Alcatraz the inescapable prison

The darkest prison in the 1900's

How Alcatraz was Inescapeable

Alcatraz was created by Juan Manuel De Ayala in the 1840’s as a military base then in 1943 it was used as a super prison (Alcatraz). A super prison is you do something bad in the real world and you get sent to jail and if you slip up in prison you get sent to Alcatraz. Like if Jeff stole something and he gets sent prison and then he gets into a fight and nearly kills the other person Jeff goes to Alcatraz and the other will go to the hospital guarded by guards and gets healed then goes back to jail. And that is an example of a super prison. Because Alcatraz was the worst of the worst and many people tried to escape.

Attempts of escape

There were 14 attempts of escape. One attempt was a guy working at a laundry place in Alcatraz and he slowly assembled an army uniform and got onto the boat to shore but it was actually going to a army base in the middle of the water and the guard noticed that he was gone and phoned the army base to get him, and they were there and caught him and took him back to Alcatraz.

April 27, 1936 Joseph Bowers was working burning trash at the island incinerator when suddenly he had a crazy thought that he had to make a run for so he ran and then began to climb a chain link fence in an attempt escape for the Bay. Then a guard in a watch tower saw him, he ignored commands to descend from the fence as well as a warning shot into the air before being hit by a round, he then fell 60ft to his death

April 14, 1943 James Boarman, Harold Martin Brest, Floyd Garland Hamilton, and Fred John Hunter, Cut open window bars in the industries buildings mat shop without being noticed by the guards and assembled four flotation devices. They then overpowered two guards bound, and gagged (a gag is like something in a person mouth that makes it so he can't speak) then they escaped out the window, However one of the overpowered guards managed to get his whistle loose and the other managed to slip his gag and blow the first guards whistle, alerting the tower guards who fired on the escapes. Boarman was hit by a round and floated in the water dead, supported by Brest. As a prison launched military pick up by Brest, he let go of boarman, who sank beneath the surface and Boarman’s body was never recovered. Hunter, who injured his back and hands from the jump from the window couldn't swim in the escape attempt, then found shelter in a nearby cave, but discovered by the guards two hours later surrendered, Hamilton was thought to been shot by the guards along with boarman to have similarly sunk, but actually he was hiding in the same cave as hunter. Two days later, he climbed back up through the same window from which he had jumped, Then hid under a pile of material in the storeroom he was found there the next morning. Hungry.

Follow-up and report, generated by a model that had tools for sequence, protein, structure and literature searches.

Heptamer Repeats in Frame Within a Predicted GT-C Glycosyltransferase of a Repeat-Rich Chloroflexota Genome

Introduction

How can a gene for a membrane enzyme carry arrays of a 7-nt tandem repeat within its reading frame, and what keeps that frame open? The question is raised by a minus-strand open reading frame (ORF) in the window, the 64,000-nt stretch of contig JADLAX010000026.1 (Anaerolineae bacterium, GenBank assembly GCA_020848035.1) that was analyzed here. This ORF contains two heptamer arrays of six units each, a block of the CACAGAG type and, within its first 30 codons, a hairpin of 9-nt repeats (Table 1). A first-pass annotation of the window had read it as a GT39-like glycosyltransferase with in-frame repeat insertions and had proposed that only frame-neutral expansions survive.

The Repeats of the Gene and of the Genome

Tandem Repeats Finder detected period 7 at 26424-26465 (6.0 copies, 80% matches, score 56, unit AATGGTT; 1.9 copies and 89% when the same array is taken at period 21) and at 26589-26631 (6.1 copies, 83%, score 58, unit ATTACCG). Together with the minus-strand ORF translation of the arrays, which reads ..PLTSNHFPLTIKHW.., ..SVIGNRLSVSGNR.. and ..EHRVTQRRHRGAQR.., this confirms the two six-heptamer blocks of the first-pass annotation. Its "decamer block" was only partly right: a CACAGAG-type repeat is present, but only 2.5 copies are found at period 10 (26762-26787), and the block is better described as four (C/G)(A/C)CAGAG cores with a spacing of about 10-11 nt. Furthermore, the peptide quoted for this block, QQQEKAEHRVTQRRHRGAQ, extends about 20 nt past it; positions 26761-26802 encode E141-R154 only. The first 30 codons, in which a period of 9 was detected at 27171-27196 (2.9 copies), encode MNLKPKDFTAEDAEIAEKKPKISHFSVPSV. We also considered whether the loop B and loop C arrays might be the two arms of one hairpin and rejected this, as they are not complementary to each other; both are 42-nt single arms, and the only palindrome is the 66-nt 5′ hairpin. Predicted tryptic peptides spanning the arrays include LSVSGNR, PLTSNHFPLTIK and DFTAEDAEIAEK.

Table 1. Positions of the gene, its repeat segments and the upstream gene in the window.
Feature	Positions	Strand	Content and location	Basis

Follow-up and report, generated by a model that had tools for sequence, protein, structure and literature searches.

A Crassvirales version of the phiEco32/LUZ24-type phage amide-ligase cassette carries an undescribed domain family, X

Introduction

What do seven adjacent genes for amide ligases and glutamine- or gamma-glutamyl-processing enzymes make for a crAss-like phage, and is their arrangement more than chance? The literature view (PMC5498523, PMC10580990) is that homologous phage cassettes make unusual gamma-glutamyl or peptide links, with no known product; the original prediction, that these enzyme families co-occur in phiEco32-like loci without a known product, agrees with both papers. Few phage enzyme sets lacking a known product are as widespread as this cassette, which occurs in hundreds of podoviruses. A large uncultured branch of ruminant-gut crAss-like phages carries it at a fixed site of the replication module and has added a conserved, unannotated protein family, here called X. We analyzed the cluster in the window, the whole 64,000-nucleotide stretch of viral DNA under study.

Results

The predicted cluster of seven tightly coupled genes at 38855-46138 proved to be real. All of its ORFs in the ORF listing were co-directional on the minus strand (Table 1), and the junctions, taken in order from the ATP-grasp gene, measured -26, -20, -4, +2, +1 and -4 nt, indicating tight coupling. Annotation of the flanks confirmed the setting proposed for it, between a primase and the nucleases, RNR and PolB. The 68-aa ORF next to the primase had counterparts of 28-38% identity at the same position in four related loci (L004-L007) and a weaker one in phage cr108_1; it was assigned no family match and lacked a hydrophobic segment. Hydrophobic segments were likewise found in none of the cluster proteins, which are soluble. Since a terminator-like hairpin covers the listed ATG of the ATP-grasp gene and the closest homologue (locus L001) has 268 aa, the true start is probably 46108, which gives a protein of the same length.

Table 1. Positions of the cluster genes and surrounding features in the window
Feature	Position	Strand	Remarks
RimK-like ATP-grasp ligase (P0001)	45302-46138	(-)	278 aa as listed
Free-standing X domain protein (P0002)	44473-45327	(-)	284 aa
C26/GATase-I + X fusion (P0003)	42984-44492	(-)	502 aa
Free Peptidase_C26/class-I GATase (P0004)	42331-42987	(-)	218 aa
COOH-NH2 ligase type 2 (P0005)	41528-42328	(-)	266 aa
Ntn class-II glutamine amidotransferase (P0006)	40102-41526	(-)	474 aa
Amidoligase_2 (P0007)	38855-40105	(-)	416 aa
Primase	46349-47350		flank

September 19, 1958 A’aron Burgett, and Clyde Johnson were working on the garbage detail when they overpowered guards in a attempt of escape, both jumped into the water, trying to swim off the island, a police launch interrupted Johnson, But Burgett disappeared until his body was up in the San Francisco shoreline 2 weeks later dead.

The Most famous escape attempt

The June 1962 Alcatraz escape may have been the only successful escape from Alcatraz Federal prison in that facility's history. On the night of June 11 or early morning of June 12, inmates Clarence Anglin, John Anglin and Frank Morris tucked papier-mâché heads resembling their own likenesses into their beds, broke out of the main prison building via an unused utility corridor, and departed Alcatraz Island aboard an improvised inflatable raft to an uncertain fate.

Hundreds of leads have been pursued by the FBI and local law enforcement officials in the ensuing years, but no conclusive evidence has ever surfaced favoring the success or failure of the attempt. Numerous theories of widely varying plausibility have been proposed by authorities, reporters, family members, and amateur enthusiasts. In 1979 the FBI officially concluded, on the basis of circumstantial evidence and a preponderance of expert opinion, that the men drowned in the frigid waters of San Francisco Bay before reaching the mainland. The U.S. Marshals Service case file remains open and active, however, and Morris and the Anglin brothers remain on its wanted list.